– The symmetrically-placed ON TIP TOE and SORE FEET was a neat moment in the puzzle, I thought.
– I would have said that KICK ME and its clue felt a bit outdated, but I had a student do this (lovingly) to one of their classmates just last week.
What did you think? Let us know in the comments – and have a nice weekend!
Stella Zawistowski’s Universal Sunday crossword, “The Little Things”—Jim P’s review
Theme: The final words of familiar phrases are given the suffix LET.
- 23a. [Hollywood boss’s breaded chicken piece?] DIRECTOR’S CUTLET.
- 34a. [Flyer about pancake syrup?] MAPLE LEAFLET.
- 54a. [Clotting agent, as colored under a certain microscope?] SILVER PLATELET. My brother just hit a milestone of donating platelets 100 times. I asked him if they were going to let him donate full-sized plates now.
- 69a. [Curl in a prewedding hairdo?] ENGAGEMENT RINGLET.
- 88a. [Small town in the Old Dominion?] VIRGINIA HAMLET.
- 101a. [Fortunate Hollywood hopeful?] LUCKY STARLET.
- 117a. [Most sky-colored ring on a shoe?] THE BLUEST EYELET. I didn’t remember the title to Toni Morrison’s first novel, but am glad to be reminded of it.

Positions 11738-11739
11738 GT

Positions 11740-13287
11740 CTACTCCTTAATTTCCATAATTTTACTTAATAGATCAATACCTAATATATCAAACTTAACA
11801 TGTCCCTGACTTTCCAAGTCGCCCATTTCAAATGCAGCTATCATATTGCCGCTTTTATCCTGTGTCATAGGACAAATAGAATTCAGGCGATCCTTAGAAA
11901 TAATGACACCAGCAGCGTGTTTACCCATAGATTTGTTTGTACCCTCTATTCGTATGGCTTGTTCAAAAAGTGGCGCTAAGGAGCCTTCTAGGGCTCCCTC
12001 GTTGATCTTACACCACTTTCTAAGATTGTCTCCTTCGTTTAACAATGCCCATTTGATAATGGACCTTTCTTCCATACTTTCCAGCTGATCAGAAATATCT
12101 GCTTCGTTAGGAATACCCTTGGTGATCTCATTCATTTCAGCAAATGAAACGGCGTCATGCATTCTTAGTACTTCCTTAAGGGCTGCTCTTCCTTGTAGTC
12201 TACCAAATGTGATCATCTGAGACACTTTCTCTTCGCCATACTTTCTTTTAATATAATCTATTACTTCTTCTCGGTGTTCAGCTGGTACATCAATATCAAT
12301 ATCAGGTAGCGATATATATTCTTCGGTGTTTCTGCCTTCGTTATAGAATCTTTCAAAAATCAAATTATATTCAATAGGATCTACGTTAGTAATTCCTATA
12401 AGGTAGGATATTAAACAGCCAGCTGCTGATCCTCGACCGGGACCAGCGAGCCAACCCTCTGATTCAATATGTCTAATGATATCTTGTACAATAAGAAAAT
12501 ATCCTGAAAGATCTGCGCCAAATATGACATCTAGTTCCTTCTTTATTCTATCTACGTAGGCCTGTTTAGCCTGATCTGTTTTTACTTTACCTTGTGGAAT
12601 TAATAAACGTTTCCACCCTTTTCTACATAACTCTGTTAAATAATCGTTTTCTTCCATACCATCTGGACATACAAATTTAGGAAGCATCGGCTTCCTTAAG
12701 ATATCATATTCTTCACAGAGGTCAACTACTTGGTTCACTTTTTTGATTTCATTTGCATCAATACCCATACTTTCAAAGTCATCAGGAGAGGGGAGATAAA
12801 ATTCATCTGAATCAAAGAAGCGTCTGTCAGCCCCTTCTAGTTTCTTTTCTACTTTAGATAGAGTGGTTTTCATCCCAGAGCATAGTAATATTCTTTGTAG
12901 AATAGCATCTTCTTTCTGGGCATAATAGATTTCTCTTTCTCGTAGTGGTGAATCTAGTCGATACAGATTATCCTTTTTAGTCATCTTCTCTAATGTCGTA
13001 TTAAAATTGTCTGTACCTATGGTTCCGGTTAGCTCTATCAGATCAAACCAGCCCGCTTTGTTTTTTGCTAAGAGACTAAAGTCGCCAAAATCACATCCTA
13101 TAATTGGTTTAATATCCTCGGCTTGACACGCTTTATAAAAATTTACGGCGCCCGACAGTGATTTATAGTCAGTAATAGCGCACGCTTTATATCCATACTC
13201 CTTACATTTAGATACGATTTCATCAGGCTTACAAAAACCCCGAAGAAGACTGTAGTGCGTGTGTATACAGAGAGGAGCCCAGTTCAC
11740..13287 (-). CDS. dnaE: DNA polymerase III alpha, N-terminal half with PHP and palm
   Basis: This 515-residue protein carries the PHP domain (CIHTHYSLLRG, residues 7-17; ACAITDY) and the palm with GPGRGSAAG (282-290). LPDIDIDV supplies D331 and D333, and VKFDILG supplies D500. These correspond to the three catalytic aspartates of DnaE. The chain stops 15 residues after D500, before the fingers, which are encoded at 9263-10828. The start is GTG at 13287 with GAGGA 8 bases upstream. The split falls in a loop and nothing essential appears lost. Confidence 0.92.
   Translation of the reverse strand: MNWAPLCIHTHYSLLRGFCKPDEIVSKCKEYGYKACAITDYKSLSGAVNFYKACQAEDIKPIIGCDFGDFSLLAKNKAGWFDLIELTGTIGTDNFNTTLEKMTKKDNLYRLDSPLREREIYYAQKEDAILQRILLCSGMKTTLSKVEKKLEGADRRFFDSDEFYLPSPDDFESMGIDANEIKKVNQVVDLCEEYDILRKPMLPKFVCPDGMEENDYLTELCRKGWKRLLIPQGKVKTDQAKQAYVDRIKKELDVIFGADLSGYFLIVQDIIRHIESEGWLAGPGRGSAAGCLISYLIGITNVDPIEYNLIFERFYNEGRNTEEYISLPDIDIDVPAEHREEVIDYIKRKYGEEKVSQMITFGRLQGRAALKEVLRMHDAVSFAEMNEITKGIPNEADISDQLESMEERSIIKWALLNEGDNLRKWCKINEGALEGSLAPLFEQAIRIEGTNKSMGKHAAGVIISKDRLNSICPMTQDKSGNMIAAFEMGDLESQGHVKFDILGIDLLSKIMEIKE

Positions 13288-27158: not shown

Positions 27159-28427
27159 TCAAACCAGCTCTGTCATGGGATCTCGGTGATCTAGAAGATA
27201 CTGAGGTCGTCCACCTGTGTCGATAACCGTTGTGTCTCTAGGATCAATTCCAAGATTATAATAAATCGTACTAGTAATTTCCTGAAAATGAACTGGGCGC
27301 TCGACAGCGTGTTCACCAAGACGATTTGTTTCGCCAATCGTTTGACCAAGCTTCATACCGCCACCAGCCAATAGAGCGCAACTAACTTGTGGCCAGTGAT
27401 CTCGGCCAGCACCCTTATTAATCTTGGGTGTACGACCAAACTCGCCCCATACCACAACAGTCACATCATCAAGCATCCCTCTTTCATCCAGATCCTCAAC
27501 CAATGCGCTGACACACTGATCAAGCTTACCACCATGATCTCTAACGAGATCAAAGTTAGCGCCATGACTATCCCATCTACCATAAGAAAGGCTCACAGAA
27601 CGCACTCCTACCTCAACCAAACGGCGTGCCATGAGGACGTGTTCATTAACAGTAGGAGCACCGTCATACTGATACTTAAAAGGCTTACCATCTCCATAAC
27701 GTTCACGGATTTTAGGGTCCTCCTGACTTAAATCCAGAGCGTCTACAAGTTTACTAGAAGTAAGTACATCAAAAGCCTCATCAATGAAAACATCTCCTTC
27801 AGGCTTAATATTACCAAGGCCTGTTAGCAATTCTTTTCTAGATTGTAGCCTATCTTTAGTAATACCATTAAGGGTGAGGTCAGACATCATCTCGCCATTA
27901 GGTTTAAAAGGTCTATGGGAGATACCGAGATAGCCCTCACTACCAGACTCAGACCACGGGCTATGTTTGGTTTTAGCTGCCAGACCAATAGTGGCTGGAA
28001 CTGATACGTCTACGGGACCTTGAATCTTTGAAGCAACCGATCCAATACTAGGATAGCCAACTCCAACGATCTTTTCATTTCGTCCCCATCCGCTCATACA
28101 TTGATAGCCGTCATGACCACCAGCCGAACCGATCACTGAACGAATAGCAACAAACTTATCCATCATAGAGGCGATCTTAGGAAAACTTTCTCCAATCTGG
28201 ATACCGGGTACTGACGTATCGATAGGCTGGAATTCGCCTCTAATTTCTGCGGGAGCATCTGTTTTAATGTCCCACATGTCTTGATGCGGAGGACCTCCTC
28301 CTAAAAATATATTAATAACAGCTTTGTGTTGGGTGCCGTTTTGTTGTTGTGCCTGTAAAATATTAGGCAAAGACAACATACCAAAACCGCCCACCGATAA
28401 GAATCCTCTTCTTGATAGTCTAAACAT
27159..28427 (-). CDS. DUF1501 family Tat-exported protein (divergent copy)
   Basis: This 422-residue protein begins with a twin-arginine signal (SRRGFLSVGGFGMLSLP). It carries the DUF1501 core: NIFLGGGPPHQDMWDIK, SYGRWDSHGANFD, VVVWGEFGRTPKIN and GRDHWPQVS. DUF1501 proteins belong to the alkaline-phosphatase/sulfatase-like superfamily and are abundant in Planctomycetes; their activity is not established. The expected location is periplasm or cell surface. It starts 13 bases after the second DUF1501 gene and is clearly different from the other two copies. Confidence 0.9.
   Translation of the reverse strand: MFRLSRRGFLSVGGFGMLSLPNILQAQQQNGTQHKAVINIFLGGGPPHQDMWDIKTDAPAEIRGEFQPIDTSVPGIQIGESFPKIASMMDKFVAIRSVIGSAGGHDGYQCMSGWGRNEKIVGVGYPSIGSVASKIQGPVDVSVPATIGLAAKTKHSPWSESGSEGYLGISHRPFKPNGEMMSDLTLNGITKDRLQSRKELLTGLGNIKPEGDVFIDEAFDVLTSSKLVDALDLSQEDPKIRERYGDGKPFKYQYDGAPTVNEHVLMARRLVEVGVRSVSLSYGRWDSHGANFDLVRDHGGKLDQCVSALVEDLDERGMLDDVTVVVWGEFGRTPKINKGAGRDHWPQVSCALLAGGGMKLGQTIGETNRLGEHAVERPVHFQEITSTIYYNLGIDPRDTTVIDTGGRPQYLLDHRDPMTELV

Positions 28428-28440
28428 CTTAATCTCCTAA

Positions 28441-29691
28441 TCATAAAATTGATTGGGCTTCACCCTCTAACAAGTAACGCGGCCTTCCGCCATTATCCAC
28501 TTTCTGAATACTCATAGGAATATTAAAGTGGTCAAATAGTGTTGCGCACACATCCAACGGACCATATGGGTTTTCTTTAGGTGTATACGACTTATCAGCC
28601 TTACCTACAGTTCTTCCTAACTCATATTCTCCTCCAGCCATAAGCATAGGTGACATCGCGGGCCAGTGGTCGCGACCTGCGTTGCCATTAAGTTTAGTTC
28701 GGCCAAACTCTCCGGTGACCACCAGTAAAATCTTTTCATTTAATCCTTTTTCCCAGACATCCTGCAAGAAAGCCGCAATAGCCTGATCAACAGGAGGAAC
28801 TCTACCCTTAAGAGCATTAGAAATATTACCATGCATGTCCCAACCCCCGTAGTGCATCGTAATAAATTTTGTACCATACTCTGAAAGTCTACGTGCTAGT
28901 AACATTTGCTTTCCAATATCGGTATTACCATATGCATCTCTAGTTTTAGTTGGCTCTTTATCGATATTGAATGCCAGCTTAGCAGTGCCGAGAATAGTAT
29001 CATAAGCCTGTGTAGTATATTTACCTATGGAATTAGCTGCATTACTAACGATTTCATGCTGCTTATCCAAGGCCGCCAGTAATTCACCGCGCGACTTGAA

Nice, solid yet breezy theme. The repetition meant that the solve proceeded apace and never slowed down to a slog. None of these gave me any yuks, but that’s okay; the fill was quite nice.
Speaking of which we have a FRIED EGG [Messy topping for a burger] (I’ll pass), and speaking of which…PASS/FAIL, PHONE TAP, CALL TAILS, HOOK SHOT, CATALAN, I LOVE LUCY, “BEER ME,” ATLANTIS, and EL DIABLO. Lots of fun stuff there!
Clues of note:
- 127a. [Actress Mireille]. ENOS. Nice to have a new cluing angle for this. I didn’t recognize the actress’s name, but I have seen her in World War Z and Good Omens. She’s garnered numerous award nominations, so expect to see her more often in puzzle clues.
- 42d. [Show that had a grape-stomping episode in 1956]. I LOVE LUCY. To me, the chocolate-factory-conveyor-belt scene is more iconic. But apparently the fight that occurred during the grape-stomping scene became real, and Lucille Ball says she nearly drowned during the filming of it.
Smooth Sunday puzzle. 3.75 stars.
Evan Birnholz’ Washington Post crossword, “Freezer Packs” —Matthew’s write-up
A pair of revealers point us to six rebus squares and their clues.
The more traditional revealer [Fridges’ predecessors, and a hint to six squares in this puzzle] ICE BOXES, is straightforward for the rebus appearances of ICE:
- 22a [Helpful tip] WORD OF ADV(ICE) // 8d [Pizza serving] SL(ICE)
- 38a [Request for payment] INVO(ICE) // 14d [Muscles strengthened by squats] QUADR(ICE)PS
- 48a [Priggish person] N(ICE) NELLY // 36d [Org. that provides humanitarian aid to kids] UN(ICE)F
- 87a [How often many people brush their teeth] TW(ICE) A DAY // 87a [Fictional character mentioned in Jefferson Airplane’s “White Rabbit”] AL(ICE)
- 97a [Tempted] ENT(ICE)D // 79d [Floodgate] SLU(ICE)